President Morsi: UK Parliament Detention Review Panel

The Detention Review Panel (DRP) issued a report and made the following findings:

  • Dr Morsi is no ordinary prisoner. He was the elected President of Egypt. We considered his detention in the context the treatment of members of the Muslim Brotherhood and the Freedom & Justice Party in Egypt. Every independent report that was considered, including reports from the US State Department and UK Home Office made reference to the particularly harsh treatment currently faced by members of the Muslim Brotherhood and Freedom & Justice Party. The Egyptian government has not given us any cause to think that Dr Morsi is being treated any better.
  • The Tora prison complex, also known as the Scorpion Prison, has been very harshly condemned for its inability to treat prisoners in accordance with both Egyptian and international law.
  • The DRP finds that the allegations made by Dr Morsi, directly in his own words, in his statement to the Court in November 2017, and the allegations made by Abdullah Morsi, appear to be consistent with the allegations recorded by the United Nations, the United States’ State Department, Human Rights Watch, Amnesty International, news reports and other human rights organisations about the treatment of prisoners in Egypt.
  • Our findings are that the allegations made by Dr Morsi, on a balance of probabilities, are likely to be true. They are consistent with the findings of the general treatment of prisoners, in particular political prisoners, in Egypt.
  • We accept in full the finding of Dr Paul Williams. We find that Mohammed Morsi is receiving inadequate medical care, particularly inadequate management of his diabetes and inadequate management of his liver disease. We accept the opinion that the consequence of this inadequate care is likely to be rapid deterioration of his long-term conditions, which is likely to lead to premature death.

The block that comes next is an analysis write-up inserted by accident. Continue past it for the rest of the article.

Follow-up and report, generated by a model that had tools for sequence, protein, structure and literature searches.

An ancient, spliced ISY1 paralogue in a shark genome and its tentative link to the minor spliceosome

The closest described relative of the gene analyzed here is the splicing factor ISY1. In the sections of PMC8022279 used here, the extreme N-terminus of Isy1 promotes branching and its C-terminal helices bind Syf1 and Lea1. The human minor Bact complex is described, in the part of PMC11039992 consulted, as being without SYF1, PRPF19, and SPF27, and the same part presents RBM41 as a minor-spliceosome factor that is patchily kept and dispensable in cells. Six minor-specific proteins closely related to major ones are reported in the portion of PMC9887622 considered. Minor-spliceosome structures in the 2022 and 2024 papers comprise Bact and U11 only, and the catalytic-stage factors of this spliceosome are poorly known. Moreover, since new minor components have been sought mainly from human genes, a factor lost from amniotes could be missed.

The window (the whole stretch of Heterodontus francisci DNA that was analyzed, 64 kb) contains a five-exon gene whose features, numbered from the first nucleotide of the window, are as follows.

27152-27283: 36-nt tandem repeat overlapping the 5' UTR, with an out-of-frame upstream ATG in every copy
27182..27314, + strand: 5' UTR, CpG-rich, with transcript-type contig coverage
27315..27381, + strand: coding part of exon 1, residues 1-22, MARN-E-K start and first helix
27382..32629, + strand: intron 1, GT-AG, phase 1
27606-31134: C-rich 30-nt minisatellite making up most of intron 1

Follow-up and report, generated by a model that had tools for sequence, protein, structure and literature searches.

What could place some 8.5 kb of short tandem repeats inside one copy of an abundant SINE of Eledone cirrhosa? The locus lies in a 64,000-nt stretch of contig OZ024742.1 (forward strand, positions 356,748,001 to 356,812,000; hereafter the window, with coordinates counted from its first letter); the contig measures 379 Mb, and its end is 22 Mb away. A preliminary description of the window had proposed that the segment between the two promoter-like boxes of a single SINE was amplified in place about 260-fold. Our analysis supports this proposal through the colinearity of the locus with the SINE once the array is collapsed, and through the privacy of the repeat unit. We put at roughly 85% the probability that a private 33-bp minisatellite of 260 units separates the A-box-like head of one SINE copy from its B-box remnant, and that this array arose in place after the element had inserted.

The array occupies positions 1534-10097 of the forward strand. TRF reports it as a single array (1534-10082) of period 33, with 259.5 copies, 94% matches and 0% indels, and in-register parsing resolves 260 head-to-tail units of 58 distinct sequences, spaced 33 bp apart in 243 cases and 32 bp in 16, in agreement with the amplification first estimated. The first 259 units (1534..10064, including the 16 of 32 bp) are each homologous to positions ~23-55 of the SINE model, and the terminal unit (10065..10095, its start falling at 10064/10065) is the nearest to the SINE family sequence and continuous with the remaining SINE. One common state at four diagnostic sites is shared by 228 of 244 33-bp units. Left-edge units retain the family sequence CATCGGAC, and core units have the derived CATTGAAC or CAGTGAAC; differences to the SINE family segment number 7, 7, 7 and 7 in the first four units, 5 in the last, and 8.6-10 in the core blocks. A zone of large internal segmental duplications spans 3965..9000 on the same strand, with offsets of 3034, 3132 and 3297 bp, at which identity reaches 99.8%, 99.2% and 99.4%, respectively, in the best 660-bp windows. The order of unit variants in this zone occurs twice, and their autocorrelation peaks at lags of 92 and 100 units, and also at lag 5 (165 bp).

• The DRP finds that on a balance of probabilities the detention of President Morsi is below the standard expected by international standards for prisoners, and would constitute cruel, inhuman and degrading treatment. We also find that the detention could meet the threshold for torture in accordance Egyptian and International law.
  • The DRP finds that culpability for torture rests not only with the direct perpetrators but those who are responsible for or acquiesce in it.  We find that the conditions of Dr Morsi’s detention would be of such continuing interest to the whole chain of command that the current President could, in principle, be responsible for the crime of torture, which is a crime of universal jurisdiction.
  • We fear that if Dr Morsi is not provided with urgent medical assistance, the damage to his health may be permanent and possibly terminal. The failure to provide Dr Morsi with adequate medical treatment is a breach of Egyptian Law and the Mandela Rules.
  • The panel are deeply concerned about the conditions and detention of Dr Morsi and invite the Egyptian government to allow the DRP, or any other reputable independent body, to conduct a visit.